Hello, everyone! Right now T-Hubs and I are getting ready to return home from our vacation — returning to the so-called “real world,” where we have to deal with “life,” and “work,” and “cooking delicious food we really can’t wait to eat long enough to take a picture of it.” Man, we’ve got it rough. Until then, though, I’ve got one final guest post for you, from my friend Rachael… er, I mean, Movita. Movita Beaucoup isn’t your average food-blogger — this girl has some serious personality (and I mean that as a compliment). She isn’t afraid to tell it like it is, and she makes me laugh harder than any other blogger I know. That’s talent, right there. Plus she makes the most incredible sherbet… did I mention the sherbet? Incredible.
Recently, I developed numbness on the left side of my face. I made the huge mistake of googling my symptoms, and found out that I was probably going to die in four days. So I cleaned the bathrooms and purged the contents of my bedside table.
When you’re middle-aged and develop symptoms such as mine, you get pushed through an otherwise sluggish medical system at an alarming rate. Within 48 hours, I had multiple tests run, an MRI scheduled, and a visit with a neurologist. Thus far, I’ve been diagnosed with JOOTT (Just One Of Those Things, also known as: your body and mind are in decline).
I was pretty happy that I hadn’t had a stroke or any other obvious maladies, so a JOOTT diagnosis didn’t seem so bad. The doctors were, after all, very reassuring, and seemed confident that they wouldn’t be naming a new disease after me anytime soon. Yes, my face is wonky, but I can still eat and go to the bathroom, so… bases covered. I was told that in the unlikely event that my symptoms become “alarming,” I should head to the emergency room. I set aside my one pair of underpants that still has functioning elastic just in case.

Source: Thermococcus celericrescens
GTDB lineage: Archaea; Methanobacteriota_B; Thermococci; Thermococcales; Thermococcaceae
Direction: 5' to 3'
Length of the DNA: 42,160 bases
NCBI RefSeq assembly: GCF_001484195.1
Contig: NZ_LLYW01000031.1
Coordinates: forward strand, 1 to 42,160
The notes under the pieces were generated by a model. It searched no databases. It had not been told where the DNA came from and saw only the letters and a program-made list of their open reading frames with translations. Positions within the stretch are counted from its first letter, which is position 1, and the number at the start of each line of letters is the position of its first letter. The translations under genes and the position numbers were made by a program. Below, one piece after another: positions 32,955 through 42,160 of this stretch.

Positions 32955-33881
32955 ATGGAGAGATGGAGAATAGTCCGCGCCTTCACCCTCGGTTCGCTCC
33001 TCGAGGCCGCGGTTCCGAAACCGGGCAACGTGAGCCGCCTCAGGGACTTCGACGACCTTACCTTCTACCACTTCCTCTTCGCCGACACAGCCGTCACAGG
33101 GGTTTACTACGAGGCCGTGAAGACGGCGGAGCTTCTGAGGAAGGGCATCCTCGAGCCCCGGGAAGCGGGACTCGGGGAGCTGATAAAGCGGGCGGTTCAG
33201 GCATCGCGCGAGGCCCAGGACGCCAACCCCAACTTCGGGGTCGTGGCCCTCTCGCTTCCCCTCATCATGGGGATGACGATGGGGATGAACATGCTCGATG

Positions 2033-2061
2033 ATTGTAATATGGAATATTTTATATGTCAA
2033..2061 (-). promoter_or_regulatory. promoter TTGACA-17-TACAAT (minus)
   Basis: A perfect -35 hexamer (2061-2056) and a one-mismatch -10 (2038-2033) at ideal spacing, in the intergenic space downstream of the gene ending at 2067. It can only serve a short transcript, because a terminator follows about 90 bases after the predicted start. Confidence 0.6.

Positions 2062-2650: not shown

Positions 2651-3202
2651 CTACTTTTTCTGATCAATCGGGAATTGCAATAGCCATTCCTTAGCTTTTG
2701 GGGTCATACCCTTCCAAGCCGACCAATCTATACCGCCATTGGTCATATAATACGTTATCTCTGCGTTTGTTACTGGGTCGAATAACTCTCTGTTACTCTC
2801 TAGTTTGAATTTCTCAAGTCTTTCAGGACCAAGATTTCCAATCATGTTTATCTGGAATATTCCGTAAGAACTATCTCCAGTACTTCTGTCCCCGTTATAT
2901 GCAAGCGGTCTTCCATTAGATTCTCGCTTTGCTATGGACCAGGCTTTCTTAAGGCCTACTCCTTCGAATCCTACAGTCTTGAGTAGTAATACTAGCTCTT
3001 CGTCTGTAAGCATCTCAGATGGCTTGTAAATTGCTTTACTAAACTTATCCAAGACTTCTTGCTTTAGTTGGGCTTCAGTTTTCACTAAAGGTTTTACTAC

I began reflecting on my genetics. Sure, all senior Dyers hike their slacks up to their ribcages, but they have generally fared well as aging. Why, yes! The Dyers are a long-living and competent sort. I’d be okay! And then I remembered the family reunion at which my grandfather made everyone wear name tags with both their first and last names on them, despite the fact that only family members were attending. And that at that same event, Great Uncle Ed got confused and wore Great Aunt Amy’s coat home…
Remaining positive, I figured that in the worst case scenario, I’d have the loving support of 2.0 (my partner in crime). I mean, should I start exhibiting symptoms of dementia, he could probably take care of business, right? He’s strong and very bright, and the two of us combined are at least as capable as one mediocre 20 year old. But then I remembered that 2.0 has forgotten me at the grocery store twice in the past year, so I bookmarked home healthcare services online.
So, unable to rely on anyone but myself, I’ve been watching the first season of Girls to make myself feel way better about not being in my 20’s again. And, to ensure that I don’t forget what summer is like, I’ve been eating a lot of sherbet. This sherbet is tangy and refreshing. It’s summer in a bowl. If you find it a little too tart for your tastes, you could always add a little more honey or sugar. This sherbet sits well alongside a piece of sweet vanilla cake topped with buttercream – because life is all about balance. I use frozen berries for this recipe, which means that in the darkness of winter, when you’re longing for the lazy, hazy days of summer, you can whip some of this up to awaken your senses. Because fully functioning senses are never a bad thing…
Tangy Raspberry Sherbet
recipe: movita beaucoup
Yields about 4 cups.
3 cups frozen raspberries
1/4 cup granulated sugar
1 cup light sour cream
1 cup buttermilk
1/2 cup honey
2 tablespoons lemon juice
zest of 1 lemon
Mise en place – begin by getting organized. Measure out all of your ingredients. Ensure that the bowl of your ice cream maker has been frozen. Chill the container you intend to use for storing the sherbet.
In a bowl, sprinkle the sugar over the frozen raspberries and allow the raspberries to thaw until they can be broken up and combined with a fork. The raspberries don’t need to be entirely crushed, as they add nice texture to the sherbet, but big pieces can clog some ice cream makers, so small bits are best.
In a separate bowl, combine the sour cream, buttermilk, honey, lemon juice and lemon zest.
Combine the raspberries (accumulated juices and all) with the buttermilk mixture, mixing until well combined and smooth.
Freeze and churn in an ice cream maker according to manufacturer’s instructions, then transfer to a chilled storage container (for example, a loaf pan or glass dish with lid) and freeze until hardened. Allow to freeze for at least 2 hours before serving.